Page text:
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Keynote Address: Professor Graeme Dinwoodie

2023 Supreme Court IP Review
Intellectual Property
Graeme Dinwoodie
44 Minutes
Audio and Video
Original Program Date:
Sep 29, 2023
Product Type:
On Demand - Also available: On Demand  5
Access for 365 day(s) after purchase.


Keynote Address: Professor Graeme Dinwoodie, Global Professor of Intellectual Property Law, Distinguished Professor of Law, Chicago-Kent

“Reading Trademark Tea-Leaves at the Supreme Court”


Graeme Dinwoodie's Profile

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Chicago-Kent College of Law

Graeme B. Dinwoodie is a University Distinguished Professor and Global Professor of Intellectual Property Law at Chicago-Kent College of Law. He returned to Chicago in 2018 after nine years as the IP Chair at the University of Oxford. He remains a Visiting Professor of Law at Oxford. Immediately prior to taking up the IP Chair at Oxford, Professor Dinwoodie was for several years a Professor of Law at Chicago-Kent College of Law. During that time, Professor Dinwoodie led Chicago-Kent's Program in Intellectual Property Law, helping to build the program’s international reputation.  Professor Dinwoodie first joined the Chicago-Kent faculty in 2000 from the University of Cincinnati College of Law, where he was a three-time recipient of the Goldman Prize for Excellence in Teaching. From 2005 to 2009, he also held a Chair in Intellectual Property Law at Queen Mary College, University of London.  Professor Dinwoodie has held a number of visiting positions, including as the Yong Shook Lin Visiting Professor of IP Law at the National University of Singapore, a Global Professor of Law at NYU School of Law, and a visiting professor of law at the University of Pennsylvania. He was elected as a member of the American Law Institute in 2003. In 2008, INTA awarded Professor Dinwoodie the Pattishall Medal for Teaching Excellence in Trademark Law—awarded only once every four years. Professor Dinwoodie holds law degrees from the University of Glasgow, Harvard Law School (where he was a John F. Kennedy Scholar) and Columbia Law School (where he was the Burton Fellow in residence).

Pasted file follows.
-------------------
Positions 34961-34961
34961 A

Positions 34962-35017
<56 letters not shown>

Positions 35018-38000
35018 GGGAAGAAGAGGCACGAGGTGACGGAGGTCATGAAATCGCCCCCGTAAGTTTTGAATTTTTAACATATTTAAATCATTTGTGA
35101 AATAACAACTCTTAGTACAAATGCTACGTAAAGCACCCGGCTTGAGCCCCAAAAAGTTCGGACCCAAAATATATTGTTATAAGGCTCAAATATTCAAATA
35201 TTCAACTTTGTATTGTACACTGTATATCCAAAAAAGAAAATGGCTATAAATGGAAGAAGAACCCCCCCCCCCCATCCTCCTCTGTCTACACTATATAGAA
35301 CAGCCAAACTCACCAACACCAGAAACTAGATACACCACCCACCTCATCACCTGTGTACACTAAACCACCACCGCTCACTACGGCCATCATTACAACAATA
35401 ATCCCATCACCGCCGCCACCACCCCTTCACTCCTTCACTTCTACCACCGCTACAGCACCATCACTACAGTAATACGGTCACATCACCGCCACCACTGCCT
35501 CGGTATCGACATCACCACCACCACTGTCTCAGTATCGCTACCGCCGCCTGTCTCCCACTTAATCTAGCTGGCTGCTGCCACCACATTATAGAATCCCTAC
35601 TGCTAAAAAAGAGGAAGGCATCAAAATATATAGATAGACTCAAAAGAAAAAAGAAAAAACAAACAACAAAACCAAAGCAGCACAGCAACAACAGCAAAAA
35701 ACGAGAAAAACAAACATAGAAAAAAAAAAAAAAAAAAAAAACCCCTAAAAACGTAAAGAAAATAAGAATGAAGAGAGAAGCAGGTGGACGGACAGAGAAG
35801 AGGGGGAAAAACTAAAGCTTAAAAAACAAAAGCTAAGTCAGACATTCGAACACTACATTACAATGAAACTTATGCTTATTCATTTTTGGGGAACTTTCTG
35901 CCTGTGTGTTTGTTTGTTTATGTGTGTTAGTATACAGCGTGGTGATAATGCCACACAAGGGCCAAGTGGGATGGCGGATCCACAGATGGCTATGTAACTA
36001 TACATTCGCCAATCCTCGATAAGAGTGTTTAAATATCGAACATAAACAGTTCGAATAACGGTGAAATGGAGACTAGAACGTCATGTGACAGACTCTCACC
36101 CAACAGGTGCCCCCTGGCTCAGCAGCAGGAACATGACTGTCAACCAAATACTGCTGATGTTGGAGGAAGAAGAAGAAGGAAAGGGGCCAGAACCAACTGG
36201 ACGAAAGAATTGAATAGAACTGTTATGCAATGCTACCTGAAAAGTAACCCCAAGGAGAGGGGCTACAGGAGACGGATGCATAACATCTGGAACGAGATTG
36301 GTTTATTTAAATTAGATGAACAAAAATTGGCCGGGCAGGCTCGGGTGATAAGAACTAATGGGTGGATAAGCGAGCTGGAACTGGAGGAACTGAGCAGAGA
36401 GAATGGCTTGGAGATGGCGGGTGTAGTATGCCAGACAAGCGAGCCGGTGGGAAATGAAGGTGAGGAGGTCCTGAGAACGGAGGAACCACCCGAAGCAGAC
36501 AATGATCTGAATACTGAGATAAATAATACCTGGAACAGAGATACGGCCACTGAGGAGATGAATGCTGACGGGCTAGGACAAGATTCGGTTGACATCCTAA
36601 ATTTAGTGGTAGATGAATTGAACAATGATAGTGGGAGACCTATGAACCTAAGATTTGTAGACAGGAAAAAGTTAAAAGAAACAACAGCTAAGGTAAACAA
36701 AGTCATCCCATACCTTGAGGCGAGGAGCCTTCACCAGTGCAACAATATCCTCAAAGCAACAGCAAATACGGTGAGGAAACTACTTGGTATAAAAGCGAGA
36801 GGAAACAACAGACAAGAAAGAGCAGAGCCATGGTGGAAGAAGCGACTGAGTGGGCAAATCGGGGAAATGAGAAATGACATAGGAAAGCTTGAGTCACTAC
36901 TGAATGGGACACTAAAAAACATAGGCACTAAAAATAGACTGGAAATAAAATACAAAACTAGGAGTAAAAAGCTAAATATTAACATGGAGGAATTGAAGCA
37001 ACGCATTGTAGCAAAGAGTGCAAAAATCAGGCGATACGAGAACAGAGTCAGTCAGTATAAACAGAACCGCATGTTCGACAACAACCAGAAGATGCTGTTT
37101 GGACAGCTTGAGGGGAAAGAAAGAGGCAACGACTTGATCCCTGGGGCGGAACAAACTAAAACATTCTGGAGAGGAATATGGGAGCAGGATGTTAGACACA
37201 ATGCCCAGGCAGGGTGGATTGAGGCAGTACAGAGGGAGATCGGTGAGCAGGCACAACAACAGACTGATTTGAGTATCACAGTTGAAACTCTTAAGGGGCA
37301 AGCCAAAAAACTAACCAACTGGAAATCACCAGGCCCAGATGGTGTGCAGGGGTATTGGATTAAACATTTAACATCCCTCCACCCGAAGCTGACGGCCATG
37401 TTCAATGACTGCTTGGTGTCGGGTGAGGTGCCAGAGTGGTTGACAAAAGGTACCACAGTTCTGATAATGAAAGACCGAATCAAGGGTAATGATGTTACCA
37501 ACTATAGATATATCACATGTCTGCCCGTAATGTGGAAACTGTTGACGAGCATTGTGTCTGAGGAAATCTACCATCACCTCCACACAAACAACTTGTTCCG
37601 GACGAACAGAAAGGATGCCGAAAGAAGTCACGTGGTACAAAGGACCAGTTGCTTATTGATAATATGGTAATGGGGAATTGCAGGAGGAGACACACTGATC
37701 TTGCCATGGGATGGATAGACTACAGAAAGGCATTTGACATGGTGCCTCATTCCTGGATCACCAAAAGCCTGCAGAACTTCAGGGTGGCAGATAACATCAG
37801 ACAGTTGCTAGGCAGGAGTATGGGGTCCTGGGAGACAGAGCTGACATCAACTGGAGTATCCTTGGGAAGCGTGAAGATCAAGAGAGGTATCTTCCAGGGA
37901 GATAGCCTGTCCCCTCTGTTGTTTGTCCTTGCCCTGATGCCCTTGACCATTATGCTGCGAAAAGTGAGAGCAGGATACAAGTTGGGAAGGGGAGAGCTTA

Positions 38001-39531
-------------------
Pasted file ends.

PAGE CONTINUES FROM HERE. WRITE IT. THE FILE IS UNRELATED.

Professor Dinwoodie is the author of many books and casebooks, including A Neofederalist Vision of TRIPS: The Resilience of the International Intellectual Property Regime (Oxford University Press 2012) (with R. Dreyfuss), Trademarks and Unfair Competition: Law and Policy (6th ed. 2022) (with M. Janis), Trade Dress and Design Law (2010) (with M. Janis), and International Intellectual Property Law and Policy (2d ed. 2008) (with W. Hennessey, S. Perlmutter & G. Austin); dozens of articles, book chapters and other substantial works; and numerous essays and shorter works. His scholarship is widely cited by scholars in the United States, Europe and elsewhere. He received the 2008 Ladas Memorial Award from the International Trademark Association for his article Confusion Over Use: Contextualism in Trademark Law (with M. Janis), an article that was recently cited by the US Supreme Court in Jack Daniel’s v VIP Prods. He is considered a leading international authority in trademark law, design law, and international intellectual property law, and is regularly invited to speak at numerous conferences and institutions around the world.  Prof. Dinwoodie was elected to the IP Hall of Fame in 2020.


Professor Dinwoodie has served as a consultant to the World Intellectual Property Organization on matters of private international law, as an adviser to the American Law Institute Project on Principles on Jurisdiction and Recognition of Judgments in Intellectual Property Matters, and as a consultant to the United Nations Conference on Trade and Development on the Protection of Traditional Knowledge. He currently serves as an adviser on the ALI's project on the Restatement of Copyright Law. He is a past chair of the Intellectual Property Section of the Association of American Law Schools and was president of the International Association for the Advancement of Teaching and Research in Intellectual Property (ATRIP) from 2011 to 2013. Prior to teaching, Professor Dinwoodie had been an associate with Sullivan and Cromwell in New York, concentrating in the practice of intellectual property law and in commercial, corporate, and international litigation.